Morocco Journal 4: From the Medina to the Palace

From North Africa, the land of coucous, tagine, lamb, prunes, dates, figs and apricots:  We moved from the cozy, neighborhood riad on a busy street in the Marrakech medina near the crush of the souq and Jemaa el-Fnaa square to an oasis about 15 minutes beyond the city center.

Mosaic Palais Marrakech-8   JudePortraits+

The Mosaic Palais Aziza & Spa driver fetched and spirited us away in a new Rolls Royce to a neighborhood of gated palaces, mature date palms, lush gardens, climbing pink bougainvillea and aromatic jasmine.  We entered a refuge, a rose-colored enclave of repose and serenity.  Luxury and 5-star boutique hotel only begins to describe where I landed, thanks to Judith Reitman-Texier and skin care and lifestyle company La Bedouine.

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Marrakech is a desert sanctuary. Known as the Red City for her mandated salmon pink buildings, travelers come to experience her legendary romantic appeal, great craftsmanship, outstanding food, and focus on personal health.

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Spa life is an integral part of desert culture where both men and women of all economic levels take a weekly cleansing hammam.  Small guesthouses, luxury boutique hotels, and grand international hotels all offer spa treatment services. Here beauty is more than skin deep.  It is a meditation whose source comes from deep within for spiritual and emotional cleansing and purification.

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Mosaic Palais Aziz & Spa is a perfect spot for the frenzied.  There’s not much to do here except lounge on pristine white divans on a patio outside the room or at the pool and swim.  Take your time.  North Africa is slower paced, just like Mexico. Enjoy a spa treatment, take a turn in the fully equipped gym, and sleep at any hour of the day.  Reading a book seems to be the preferred entertainment for guests stretched out around the two pools.

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You can dine at two extraordinary restaurants where Daniele Tourco, director of food and beverage and chef de cuisine, ensures that guests have the best fresh-made Moroccan and Italian specialties.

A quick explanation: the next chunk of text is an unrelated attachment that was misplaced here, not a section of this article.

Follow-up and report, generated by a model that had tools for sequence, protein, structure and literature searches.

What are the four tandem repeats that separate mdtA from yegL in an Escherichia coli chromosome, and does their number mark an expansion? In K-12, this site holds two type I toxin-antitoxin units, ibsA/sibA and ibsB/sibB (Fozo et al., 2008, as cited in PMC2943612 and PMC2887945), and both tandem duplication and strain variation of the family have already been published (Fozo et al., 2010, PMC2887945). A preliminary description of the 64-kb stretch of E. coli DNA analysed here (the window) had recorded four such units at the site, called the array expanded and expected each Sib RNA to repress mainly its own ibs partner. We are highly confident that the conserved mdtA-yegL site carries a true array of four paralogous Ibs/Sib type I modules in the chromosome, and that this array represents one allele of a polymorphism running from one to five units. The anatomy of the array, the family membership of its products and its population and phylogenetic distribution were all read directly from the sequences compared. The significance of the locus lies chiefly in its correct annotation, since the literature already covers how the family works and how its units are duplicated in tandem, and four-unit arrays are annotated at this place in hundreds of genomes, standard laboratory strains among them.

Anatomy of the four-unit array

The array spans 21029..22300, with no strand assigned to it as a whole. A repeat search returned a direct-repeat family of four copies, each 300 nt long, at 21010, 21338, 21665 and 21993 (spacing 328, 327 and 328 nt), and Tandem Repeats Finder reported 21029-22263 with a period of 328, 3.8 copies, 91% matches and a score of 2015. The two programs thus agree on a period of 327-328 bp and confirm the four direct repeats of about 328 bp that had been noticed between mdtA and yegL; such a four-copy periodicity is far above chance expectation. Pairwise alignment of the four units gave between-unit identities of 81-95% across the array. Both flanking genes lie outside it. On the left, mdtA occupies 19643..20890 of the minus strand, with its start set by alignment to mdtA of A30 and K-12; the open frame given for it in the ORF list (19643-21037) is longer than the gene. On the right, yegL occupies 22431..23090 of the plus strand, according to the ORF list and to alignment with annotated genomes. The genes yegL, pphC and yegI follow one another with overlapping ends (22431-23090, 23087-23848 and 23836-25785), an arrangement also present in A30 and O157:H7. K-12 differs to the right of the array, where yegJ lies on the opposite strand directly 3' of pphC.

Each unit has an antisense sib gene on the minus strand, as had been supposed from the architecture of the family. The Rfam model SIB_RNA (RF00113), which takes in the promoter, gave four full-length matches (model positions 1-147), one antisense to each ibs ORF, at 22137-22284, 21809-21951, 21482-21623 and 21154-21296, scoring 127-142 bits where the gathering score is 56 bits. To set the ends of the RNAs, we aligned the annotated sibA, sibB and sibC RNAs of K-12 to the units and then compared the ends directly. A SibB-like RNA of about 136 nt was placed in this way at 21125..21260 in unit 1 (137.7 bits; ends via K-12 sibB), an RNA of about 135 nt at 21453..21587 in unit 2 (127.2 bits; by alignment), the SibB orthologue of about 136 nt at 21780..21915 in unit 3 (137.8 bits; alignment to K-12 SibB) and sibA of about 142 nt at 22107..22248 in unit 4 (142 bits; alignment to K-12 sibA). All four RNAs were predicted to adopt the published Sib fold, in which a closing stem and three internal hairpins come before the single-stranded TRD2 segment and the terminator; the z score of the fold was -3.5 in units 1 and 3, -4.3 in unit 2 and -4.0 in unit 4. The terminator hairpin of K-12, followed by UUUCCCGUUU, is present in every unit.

Have you ever had scorpion fish?  Karim el Ghazzawi, President and CEO, recommended I try this last night.  Otherwise, I would never have ventured there with a name like that.  I know scorpions. I find them in my Oaxaca casita and I would never eat one!  I step on them.  But, the name belies the delicacy and Morocco is famed for her fresh fish and oysters.

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There is even delicious Halana brand merlot available at the hotel that is made in Morocco to sip at your leisure.

Arabian Nights architecture and decor, lemon, olive, date and pomegranate trees heavy with fruit surround me.  I’ve just emerged from a four-hands massage (imagine that).  I feel so fortunate to be here at this moment, far away from stress and the decisions at hand.

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I did venture out on my own on Day Two, stopping periodically to consult a map, with no difficulty.  Though Morocco is an Arabic and French-speaking country, I found myself able to get along in both Spanish and English, using Spanish as my primary language.  In tourist areas and hotels, most people speak enough English for basic communication.  

Now, for another glass of mint tea before dinner!  I’m six hours ahead of you.

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2 Responses to Morocco Journal 4: From the Medina to the Palace

  1. Norma is the best travel companion! She’s so engaged with everything, from food to fabric to little details like the amazing tattoos on women’s feet in the souk! She makes me open my eyes to what’s become familiar to me in Morocco.
    I wish I could take her with me whenever I travel. Thank you Norma!

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